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Work in progress

’The challenge then is great yet simple. We must get people eng-aged in a long-term programme of saving’

People don’t have to retire. They can carry on working if they like. I am not sure how often highly processdriven services are reminding folk about this. Mind you, how many people do want to carry on working?

The Aifa retirement benchmark study clearly demonstrated that the solution for many at retirement when faced with the reality of not having enough money is to carry on working.

Working a few more years may seem reasonable as we keep being told that we will all be living for so much longer. However, we must also remember that the statistics are quite clear in telling us that we will have a healthy period in retirement, say, 8-10 years for a male at 65 and then the average person will move to a period of declining health, disability and perhaps dependency. So if the individual is going to defer, they must recognise that it is the healthy years they will be using up and not the later less attractive years.

The challenge then is great yet simple. We must get people engaged in a long-term programme of saving. Getting the individual to recognise that it is now down to them and no one else is essential. The days of employers who would “see you right” have gone although we must now also recognise a real issue for the employer. The removal of compulsory retirement ages will inevitably create a real headache for many, as some employees simply say: “I cannot afford to retire, so I will carry on.”

In turn, the employers are about to be faced with the prospect of funding pensions for people who may never have wanted them and the burden of communicating the options available to an audience which is not particularly engaged.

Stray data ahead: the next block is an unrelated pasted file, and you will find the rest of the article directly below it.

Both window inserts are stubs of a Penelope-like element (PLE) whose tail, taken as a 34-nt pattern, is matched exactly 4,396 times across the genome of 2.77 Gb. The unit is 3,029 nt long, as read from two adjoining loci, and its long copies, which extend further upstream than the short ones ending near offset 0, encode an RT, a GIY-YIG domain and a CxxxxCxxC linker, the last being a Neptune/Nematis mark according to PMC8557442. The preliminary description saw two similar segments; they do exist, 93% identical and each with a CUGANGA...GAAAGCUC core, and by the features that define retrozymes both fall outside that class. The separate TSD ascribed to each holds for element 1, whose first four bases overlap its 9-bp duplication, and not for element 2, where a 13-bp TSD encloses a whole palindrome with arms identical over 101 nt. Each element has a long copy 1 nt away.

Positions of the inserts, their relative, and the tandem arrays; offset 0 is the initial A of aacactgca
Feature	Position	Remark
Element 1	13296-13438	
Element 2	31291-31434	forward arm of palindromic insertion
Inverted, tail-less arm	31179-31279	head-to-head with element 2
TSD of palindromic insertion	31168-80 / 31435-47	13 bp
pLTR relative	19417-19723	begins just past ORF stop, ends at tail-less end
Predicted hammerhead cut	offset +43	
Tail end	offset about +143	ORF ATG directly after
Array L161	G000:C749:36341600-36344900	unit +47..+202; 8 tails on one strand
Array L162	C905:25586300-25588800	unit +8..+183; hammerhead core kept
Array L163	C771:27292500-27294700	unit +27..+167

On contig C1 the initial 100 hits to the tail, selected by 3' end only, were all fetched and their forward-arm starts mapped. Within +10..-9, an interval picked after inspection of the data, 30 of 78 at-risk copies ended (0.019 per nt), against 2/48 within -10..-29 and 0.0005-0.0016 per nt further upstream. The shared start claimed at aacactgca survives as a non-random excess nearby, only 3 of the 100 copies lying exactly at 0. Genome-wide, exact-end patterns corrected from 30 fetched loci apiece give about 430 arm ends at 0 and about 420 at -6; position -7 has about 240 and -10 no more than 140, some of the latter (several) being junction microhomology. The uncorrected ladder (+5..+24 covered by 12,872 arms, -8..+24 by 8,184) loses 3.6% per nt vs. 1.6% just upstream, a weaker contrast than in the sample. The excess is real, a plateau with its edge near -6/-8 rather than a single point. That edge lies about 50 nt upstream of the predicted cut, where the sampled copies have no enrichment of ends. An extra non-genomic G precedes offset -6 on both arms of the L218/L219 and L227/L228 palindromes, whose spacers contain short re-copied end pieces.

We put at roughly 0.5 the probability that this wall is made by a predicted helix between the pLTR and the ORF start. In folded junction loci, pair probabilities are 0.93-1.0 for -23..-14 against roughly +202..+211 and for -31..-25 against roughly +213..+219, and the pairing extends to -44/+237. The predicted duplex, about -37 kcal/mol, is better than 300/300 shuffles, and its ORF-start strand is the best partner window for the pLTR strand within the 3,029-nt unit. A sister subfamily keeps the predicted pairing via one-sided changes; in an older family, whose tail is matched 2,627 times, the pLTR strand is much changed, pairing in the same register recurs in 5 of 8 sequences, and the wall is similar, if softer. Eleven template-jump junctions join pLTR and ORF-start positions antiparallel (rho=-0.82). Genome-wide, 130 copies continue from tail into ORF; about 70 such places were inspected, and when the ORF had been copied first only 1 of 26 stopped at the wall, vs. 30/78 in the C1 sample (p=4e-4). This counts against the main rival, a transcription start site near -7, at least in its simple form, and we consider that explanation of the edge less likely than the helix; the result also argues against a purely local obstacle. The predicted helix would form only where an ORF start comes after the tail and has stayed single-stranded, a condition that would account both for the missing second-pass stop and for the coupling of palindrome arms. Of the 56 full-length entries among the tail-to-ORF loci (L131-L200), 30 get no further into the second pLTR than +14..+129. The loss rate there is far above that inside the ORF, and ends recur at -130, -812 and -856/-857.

Oh for the adviser who can make the topic engaging and can show the way through the maze. For most people, there are two big financial commitments. First is to repay the mortgage and at the same time to fund for a pension.

It is not a surprise to know that most people can tell you exactly what their outstanding mortgage balance is yet cannot tell you the size of their pension fund or even how much they are targeting the fund size to be.

In adviser sessions recently, I have promoted again the simple tactic of getting hold of clients from their forties and telling them how much they have got, suggesting how much they might need and setting up a programme to achieve this. In turn, the adviser can create more avail-able income by using both tax allowances in a household and funding both partners in a relationship so that at the other end income is as balanced as it can be. Everyone should know how much they might need and have a plan to achieve this. I hope some adviser firms will take it as a mark of success to know that none of their clients will need to defer.

Steve Lewis
Managing director
The Retirement Partnership


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